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Mountain lion found in north Las Vegas Valley euthanized

A mountain lion found in a residential area in the far north Las Vegas Valley on Tuesday had to be euthanized, officials said.

Nevada Department of Wildlife officials were called Tuesday morning to the area of Midnight Falls Street and Horse Drive, near the Tule Springs Fossil Beds National Monument, after receiving a report of a mountain lion sighting, department spokesman Doug Nielsen said.

Nielsen said the large cat was in “pretty bad shape,” and officials estimated it weighed 50 percent of what it should.

“Trying to put that through a tranquilizing and relocating process would not be beneficial to the animal in any way, shape or form, so it was euthanized,” he said.

No injuries were reported. Nielsen said department officials try to relocate mountain lions when possible on a case-by-case basis.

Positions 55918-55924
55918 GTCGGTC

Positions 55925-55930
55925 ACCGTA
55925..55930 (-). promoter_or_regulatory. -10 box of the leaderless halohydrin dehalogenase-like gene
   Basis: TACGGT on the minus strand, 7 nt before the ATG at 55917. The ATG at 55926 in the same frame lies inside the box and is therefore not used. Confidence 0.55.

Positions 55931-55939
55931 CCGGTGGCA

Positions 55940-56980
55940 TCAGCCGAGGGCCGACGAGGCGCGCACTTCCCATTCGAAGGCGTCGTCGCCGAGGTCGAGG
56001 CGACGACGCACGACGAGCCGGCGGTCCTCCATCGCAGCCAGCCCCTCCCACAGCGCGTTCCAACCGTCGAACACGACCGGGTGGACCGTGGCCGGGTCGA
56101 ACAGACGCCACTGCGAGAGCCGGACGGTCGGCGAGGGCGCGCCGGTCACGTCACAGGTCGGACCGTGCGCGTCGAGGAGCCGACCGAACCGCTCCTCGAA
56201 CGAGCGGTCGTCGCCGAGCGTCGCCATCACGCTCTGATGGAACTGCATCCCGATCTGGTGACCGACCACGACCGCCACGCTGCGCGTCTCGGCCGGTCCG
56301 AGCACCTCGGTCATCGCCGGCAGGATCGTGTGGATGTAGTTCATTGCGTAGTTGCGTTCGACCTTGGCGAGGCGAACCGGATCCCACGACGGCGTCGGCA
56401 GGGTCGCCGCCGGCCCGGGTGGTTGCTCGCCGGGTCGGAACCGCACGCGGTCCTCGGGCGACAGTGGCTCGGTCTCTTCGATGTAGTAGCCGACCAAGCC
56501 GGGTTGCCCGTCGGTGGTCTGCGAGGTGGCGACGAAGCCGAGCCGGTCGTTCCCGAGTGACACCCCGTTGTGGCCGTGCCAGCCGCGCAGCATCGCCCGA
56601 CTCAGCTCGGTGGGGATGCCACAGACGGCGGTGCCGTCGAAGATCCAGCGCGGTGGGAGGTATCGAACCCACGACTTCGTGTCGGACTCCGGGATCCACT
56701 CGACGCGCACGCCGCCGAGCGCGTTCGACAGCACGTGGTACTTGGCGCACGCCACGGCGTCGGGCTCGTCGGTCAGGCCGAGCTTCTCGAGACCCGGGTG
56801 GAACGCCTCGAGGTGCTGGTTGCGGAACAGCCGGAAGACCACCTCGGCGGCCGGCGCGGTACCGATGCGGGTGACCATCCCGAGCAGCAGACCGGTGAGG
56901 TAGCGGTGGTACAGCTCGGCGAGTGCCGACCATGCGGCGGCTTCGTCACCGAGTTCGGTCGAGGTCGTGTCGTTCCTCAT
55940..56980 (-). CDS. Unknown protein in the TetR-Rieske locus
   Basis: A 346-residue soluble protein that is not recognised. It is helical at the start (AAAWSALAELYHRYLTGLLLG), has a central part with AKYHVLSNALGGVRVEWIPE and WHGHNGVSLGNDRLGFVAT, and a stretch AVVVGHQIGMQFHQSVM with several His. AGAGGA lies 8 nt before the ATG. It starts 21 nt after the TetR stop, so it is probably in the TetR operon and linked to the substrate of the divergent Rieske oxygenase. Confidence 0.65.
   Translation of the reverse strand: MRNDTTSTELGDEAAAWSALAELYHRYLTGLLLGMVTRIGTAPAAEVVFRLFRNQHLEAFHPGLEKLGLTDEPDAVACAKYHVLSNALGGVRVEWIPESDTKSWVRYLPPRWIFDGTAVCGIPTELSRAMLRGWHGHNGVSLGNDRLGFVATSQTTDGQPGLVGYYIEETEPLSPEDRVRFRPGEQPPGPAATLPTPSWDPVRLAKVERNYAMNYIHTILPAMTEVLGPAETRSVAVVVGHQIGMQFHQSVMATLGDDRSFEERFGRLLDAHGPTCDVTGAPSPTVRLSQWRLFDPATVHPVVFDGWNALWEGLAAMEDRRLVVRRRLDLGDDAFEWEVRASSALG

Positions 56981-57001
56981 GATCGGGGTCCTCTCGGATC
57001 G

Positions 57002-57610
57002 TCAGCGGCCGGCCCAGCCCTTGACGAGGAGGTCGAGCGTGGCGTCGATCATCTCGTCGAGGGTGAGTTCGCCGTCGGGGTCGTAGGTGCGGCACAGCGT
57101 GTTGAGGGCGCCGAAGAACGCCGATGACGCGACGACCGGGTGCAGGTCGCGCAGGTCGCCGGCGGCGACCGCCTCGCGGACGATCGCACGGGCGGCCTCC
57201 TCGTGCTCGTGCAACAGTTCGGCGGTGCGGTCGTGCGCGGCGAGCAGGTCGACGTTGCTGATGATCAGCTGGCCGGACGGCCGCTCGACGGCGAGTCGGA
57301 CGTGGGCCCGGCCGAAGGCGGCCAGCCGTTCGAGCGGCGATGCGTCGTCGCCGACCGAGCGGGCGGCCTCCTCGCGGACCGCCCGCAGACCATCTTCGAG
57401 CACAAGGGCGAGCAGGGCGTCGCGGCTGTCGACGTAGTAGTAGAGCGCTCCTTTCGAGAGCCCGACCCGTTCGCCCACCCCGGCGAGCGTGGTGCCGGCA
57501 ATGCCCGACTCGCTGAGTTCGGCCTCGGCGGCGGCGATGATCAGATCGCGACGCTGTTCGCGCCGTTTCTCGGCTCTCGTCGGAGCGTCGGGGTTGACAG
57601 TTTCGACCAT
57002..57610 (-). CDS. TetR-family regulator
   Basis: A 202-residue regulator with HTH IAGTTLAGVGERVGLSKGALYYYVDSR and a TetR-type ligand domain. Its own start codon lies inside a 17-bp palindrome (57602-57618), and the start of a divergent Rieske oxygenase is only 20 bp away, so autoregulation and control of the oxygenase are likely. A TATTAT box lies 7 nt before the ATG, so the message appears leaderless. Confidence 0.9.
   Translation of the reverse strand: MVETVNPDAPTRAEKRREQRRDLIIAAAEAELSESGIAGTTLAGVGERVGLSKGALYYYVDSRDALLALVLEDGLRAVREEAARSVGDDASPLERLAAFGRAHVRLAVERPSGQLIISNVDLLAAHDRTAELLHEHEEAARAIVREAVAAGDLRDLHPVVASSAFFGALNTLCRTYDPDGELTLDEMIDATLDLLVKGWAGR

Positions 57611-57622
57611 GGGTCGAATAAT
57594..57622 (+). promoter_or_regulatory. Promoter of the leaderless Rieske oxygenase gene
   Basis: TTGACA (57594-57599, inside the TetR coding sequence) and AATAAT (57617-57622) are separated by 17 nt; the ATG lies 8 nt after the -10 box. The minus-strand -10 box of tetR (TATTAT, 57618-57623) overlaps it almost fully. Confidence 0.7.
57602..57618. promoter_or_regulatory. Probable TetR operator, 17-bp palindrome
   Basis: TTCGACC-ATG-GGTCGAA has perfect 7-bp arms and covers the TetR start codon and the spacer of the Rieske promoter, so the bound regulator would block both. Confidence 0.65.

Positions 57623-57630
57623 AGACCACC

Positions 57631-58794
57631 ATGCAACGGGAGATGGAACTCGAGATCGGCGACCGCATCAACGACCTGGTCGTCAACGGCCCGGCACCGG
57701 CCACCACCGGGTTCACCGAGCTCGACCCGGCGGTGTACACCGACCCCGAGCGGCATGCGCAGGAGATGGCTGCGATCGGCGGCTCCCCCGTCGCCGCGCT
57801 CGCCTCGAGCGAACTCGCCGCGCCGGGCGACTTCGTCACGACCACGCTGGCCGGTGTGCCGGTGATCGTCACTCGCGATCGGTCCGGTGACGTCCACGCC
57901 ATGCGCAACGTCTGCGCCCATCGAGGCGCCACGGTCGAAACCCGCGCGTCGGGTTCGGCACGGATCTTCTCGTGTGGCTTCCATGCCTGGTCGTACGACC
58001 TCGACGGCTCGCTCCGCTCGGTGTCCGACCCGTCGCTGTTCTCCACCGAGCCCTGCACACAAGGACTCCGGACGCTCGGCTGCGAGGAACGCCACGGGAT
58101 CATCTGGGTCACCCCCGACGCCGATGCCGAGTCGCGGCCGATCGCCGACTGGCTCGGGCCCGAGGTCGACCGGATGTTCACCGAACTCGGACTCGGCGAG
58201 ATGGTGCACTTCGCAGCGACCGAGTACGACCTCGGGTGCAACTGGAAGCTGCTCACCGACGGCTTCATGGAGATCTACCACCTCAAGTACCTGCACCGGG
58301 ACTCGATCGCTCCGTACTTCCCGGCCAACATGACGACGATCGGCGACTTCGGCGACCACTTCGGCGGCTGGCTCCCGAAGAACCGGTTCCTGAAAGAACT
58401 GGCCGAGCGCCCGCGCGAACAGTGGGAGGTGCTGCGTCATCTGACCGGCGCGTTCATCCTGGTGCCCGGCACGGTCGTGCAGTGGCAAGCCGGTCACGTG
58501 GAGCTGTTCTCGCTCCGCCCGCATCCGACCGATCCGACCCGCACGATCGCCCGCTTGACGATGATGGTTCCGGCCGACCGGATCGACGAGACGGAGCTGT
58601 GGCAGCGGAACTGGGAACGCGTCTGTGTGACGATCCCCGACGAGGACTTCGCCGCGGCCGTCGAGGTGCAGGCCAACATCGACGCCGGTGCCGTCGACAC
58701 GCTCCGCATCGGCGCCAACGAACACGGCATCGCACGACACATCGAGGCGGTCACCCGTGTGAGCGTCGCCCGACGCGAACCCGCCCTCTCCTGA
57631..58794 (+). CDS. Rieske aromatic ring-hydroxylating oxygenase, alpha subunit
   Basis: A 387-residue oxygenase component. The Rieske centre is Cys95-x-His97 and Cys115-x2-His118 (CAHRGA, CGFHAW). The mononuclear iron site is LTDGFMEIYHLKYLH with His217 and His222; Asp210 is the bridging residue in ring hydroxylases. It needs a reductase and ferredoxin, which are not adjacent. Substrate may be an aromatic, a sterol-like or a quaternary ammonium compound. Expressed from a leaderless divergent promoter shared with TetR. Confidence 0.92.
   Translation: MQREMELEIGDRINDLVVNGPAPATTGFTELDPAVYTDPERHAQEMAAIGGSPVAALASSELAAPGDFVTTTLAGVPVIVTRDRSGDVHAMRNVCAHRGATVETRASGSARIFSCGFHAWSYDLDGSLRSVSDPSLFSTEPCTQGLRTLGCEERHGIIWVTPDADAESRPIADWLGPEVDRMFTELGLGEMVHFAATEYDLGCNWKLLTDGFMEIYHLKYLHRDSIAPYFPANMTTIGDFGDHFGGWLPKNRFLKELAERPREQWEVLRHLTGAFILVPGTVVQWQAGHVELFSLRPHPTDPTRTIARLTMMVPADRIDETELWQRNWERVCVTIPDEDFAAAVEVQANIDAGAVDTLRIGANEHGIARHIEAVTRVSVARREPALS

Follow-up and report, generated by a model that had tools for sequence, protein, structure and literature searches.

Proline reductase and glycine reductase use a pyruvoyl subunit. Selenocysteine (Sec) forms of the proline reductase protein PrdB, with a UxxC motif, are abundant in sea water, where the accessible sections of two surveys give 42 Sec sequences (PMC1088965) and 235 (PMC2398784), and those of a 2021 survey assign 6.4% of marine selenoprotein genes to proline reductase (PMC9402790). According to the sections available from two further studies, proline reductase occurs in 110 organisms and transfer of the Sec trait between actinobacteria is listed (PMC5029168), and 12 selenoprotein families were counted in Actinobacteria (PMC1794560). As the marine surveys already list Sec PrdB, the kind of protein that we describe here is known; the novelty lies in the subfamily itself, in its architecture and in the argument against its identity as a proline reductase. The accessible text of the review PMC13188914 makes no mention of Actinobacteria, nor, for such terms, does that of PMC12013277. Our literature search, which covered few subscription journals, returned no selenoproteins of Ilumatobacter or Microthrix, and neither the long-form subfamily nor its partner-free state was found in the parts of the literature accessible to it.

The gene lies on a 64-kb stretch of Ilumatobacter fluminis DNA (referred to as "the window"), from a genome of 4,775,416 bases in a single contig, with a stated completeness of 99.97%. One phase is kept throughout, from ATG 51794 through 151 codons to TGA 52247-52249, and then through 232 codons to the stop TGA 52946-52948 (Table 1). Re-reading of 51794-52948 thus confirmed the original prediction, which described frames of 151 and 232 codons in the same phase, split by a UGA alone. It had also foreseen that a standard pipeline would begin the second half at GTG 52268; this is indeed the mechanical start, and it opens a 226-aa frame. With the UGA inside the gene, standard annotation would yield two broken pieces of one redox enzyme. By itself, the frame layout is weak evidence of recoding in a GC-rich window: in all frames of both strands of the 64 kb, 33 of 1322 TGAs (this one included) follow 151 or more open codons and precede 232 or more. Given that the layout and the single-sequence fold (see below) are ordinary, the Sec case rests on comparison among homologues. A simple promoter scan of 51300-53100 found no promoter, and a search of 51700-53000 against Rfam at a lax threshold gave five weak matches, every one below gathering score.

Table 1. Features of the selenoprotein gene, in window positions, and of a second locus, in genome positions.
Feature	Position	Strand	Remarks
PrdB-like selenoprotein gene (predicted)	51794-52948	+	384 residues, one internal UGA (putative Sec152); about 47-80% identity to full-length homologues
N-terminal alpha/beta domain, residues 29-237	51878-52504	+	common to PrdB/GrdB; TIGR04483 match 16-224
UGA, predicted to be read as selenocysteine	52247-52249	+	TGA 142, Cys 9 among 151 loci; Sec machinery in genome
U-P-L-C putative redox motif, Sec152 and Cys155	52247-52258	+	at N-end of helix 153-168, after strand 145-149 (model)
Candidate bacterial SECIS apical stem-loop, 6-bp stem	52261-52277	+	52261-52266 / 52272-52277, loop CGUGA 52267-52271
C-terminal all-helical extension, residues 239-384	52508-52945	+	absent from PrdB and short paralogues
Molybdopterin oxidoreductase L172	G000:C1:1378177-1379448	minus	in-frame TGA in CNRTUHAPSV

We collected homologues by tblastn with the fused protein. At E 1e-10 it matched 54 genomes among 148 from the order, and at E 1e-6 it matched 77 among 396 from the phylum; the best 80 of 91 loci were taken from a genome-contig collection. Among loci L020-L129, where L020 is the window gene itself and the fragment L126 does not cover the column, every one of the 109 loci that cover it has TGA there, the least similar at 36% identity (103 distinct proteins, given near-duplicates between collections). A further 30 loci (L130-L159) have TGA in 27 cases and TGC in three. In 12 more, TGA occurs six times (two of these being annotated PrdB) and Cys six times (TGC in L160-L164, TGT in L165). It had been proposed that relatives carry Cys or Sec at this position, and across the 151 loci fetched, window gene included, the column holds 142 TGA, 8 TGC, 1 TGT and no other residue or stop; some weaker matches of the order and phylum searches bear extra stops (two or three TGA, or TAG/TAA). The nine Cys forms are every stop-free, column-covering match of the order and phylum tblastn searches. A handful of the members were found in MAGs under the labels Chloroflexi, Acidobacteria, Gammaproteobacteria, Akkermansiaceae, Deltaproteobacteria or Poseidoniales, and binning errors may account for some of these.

“This one, based on the description, was probably one of the worst situations that we’ve seen as far as cat health goes,” he said.

With increasing development on the outskirts of the valley and current drought conditions, wildlife sightings are becoming more common. Nielsen said when most people report mountain lions, it’s usually either a false sighting or the cat moves on by the time officials get to the area.

Officials finding a mountain lion in a residential area that will not move is rare, but it happens a few times a year. However, Nielsen said has noticed more reports recently compared with the rest of his 25-year career.

“Anecdotally, I would say that it’s probably one of the two busiest years for mountain lion reports,” he said.

Contact Katelyn Newberg at knewberg@reviewjournal.com or 702-383-0240. Follow @k_newberg on Twitter.

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